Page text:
Wednesdays, like yours or mine. Sharley was so exactly like other
people! How can it be helped that nothing remarkable happened to her?
But you would like the story?

It was about time for the four-o'clock train, then.

Sharley, at the cost of half a sugar-bowl (never mind syntax; you know I
mean the sugar, not the glass), had enticed Moppet to betake himself out
of sight and out of mind till somebody should signify a desire for his
engaging presence; had steered clear of Nate and Methuselah, and was
standing now alone on the back doorsteps opposite the chaise-house. One
could see a variety of things from those doorsteps, - the chaise-house,
for instance, with the old, solid, square-built wagon rolled into it
(Sharley passed many a long "mending morning" stowed in among the
cushions of that old wagon); the great sweet-kept barn, where the sun
stole in warm at the chinks and filtered through the hay; the well-curb
folded in by a shadow; the wood-pile, and the chickens, and the
kitchen-garden; a little slope, too, with a maple on it and shades of
brown and gold upon the grass; brown and golden tints across the hills,
and a sky of blue and gold to dazzle one. Then there was a flock of
robins dipping southward. There was also the railroad.

Sharley may have had her dim consciousness of the cosey barn and
chicken's chirp, of brown and gold and blue and dazzle and glory; but
you don't suppose _that_ was what she had outgeneralled Moppet and
stolen the march upon Nate and Methuselah for. The truth is, that the
child had need of none of these things - neither skies nor dazzle nor
glory - that golden autumn afternoon. Had the railroad bounded the
universe just then, she would have been content. For Sharley was only a
girl, - a very young, not very happy, little girl, - and Halcombe Dike was
coming home to spend the Sunday.

Halcombe Dike, - her old friend Halcombe Dike. She said the words over,
apologizing a bit to herself for being there to watch that railroad. Hal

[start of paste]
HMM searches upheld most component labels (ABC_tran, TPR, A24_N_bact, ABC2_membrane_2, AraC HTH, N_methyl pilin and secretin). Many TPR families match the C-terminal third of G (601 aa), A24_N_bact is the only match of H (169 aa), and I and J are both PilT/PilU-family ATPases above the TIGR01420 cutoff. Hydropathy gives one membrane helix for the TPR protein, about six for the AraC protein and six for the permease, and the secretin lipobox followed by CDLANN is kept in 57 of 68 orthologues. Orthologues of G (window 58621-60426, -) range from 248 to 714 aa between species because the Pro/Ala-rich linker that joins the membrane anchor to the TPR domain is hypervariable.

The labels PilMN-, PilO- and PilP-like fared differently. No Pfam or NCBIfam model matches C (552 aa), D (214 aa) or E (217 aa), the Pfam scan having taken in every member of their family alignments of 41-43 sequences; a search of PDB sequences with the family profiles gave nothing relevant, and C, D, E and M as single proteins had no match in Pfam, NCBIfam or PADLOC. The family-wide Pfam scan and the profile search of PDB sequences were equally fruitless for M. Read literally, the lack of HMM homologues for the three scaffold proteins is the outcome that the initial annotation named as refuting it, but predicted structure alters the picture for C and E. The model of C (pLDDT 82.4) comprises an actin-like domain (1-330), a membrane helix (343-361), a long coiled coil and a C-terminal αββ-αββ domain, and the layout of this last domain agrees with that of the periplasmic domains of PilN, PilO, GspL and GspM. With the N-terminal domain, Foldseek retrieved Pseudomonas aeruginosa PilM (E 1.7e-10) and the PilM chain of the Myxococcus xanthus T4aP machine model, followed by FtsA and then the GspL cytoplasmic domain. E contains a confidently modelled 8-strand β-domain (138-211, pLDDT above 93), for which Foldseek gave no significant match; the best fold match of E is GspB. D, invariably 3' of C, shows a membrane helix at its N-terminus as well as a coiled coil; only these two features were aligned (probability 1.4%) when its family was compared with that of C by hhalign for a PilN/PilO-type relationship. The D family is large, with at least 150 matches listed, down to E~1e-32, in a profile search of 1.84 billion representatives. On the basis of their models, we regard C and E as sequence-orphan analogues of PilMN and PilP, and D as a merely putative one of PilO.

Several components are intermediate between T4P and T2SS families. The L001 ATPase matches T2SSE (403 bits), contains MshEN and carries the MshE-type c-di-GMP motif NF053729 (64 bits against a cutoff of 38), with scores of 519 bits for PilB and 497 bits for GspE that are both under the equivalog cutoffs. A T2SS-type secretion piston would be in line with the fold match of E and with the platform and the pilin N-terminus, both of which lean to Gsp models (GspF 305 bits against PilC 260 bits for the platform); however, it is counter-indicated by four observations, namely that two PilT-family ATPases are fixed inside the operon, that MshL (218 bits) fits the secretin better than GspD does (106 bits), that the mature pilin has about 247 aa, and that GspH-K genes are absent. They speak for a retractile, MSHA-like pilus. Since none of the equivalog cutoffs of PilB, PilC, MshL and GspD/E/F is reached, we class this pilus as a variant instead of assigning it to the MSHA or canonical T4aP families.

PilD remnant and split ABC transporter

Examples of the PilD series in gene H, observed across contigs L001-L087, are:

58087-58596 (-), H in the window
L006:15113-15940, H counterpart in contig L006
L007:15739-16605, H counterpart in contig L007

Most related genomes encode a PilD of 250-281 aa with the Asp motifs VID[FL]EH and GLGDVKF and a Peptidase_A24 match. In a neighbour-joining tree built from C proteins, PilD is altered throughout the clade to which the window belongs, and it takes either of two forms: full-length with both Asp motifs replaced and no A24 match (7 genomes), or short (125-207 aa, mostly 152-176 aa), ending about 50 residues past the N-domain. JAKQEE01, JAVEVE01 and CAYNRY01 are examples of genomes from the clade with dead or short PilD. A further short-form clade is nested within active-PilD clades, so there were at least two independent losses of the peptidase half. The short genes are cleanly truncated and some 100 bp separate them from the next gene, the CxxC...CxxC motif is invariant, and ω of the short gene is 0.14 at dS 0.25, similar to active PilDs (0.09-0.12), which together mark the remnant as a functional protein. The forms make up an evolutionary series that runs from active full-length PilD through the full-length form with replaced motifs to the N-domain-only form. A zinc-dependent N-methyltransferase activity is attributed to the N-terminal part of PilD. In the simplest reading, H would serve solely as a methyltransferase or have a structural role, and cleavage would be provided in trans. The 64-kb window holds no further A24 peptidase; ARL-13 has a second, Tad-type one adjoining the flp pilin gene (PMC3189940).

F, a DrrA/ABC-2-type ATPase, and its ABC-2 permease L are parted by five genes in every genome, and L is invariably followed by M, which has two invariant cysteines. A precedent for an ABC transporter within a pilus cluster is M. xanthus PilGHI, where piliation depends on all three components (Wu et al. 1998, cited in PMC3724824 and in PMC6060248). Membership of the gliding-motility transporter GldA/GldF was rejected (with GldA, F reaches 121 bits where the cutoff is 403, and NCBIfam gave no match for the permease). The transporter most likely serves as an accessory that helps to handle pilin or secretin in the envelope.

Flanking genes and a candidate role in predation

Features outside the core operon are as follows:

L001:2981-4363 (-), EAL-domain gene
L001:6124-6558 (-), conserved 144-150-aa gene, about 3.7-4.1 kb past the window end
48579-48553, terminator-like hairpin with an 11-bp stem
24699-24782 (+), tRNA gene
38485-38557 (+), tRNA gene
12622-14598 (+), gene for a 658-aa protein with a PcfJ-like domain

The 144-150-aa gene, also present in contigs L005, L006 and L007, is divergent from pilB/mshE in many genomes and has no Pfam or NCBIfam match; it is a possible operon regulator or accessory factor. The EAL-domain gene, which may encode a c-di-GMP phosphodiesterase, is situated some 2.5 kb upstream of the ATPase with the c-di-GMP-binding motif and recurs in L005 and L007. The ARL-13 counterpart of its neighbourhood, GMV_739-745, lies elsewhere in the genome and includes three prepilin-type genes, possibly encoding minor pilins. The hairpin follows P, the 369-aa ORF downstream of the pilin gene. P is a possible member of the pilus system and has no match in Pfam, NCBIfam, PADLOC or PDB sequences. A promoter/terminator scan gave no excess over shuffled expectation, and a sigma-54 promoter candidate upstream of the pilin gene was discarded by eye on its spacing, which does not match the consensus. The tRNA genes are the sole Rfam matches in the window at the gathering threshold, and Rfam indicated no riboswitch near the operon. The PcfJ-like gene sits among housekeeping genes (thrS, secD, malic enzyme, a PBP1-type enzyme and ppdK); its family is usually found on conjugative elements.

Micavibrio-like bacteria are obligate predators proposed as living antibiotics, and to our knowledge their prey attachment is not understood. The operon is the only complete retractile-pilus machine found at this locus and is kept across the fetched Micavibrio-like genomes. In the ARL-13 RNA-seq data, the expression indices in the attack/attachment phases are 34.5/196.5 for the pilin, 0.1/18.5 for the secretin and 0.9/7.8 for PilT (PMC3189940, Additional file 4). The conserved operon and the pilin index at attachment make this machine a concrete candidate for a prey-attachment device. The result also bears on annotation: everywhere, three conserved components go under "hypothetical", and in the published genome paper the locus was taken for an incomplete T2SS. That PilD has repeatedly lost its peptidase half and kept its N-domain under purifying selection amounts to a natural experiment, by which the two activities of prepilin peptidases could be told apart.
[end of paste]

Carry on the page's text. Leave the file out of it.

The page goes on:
used to be good to her when she was bothered with the children and more
than half tired of life. "Keep up good courage, Sharley," he would say.
For the long summer he had not been here to say it. And to-night he
would be here. To-night - to-night! Why should not one be glad when one's
old friends come back?

Mrs. Guest, peering through the pantry window, observed - and observed
with some motherly displeasure, which she would have expressed had it
not been too much trouble to open the window - that Sharley had put on
her barbe, - that black barbe with the pink watered ribbons run through
it. So extravagant in Sharley! Sharley would fain have been so
extravagant as to put on her pink muslin too this afternoon; she had
been more than half inclined to cry because she could not; but as it was
not orthodox in Green Valley to wear one's "best clothes" on week-days,
except at picnics or prayer-meetings, she had submitted, sighing, to her
sprigged calico. It would have been worth while, though, to have seen
her half an hour ago up in her room under the eaves, considering the
question; she standing there with the sleeves of her dressing-sack
fallen away from her pink, bare arms, and the hair clinging loose and
moist to her bare white neck; to see her smooth the shimmering
folds, - there were rose-buds on that muslin, - and look and long, hang it
up, and turn away. Why could there not be a little more rose-bud and
shimmer in people's lives! "Seems to me it's all calico!" cried Sharley.

Then to see her overturning her ribbon-box! Nobody but a girl knows how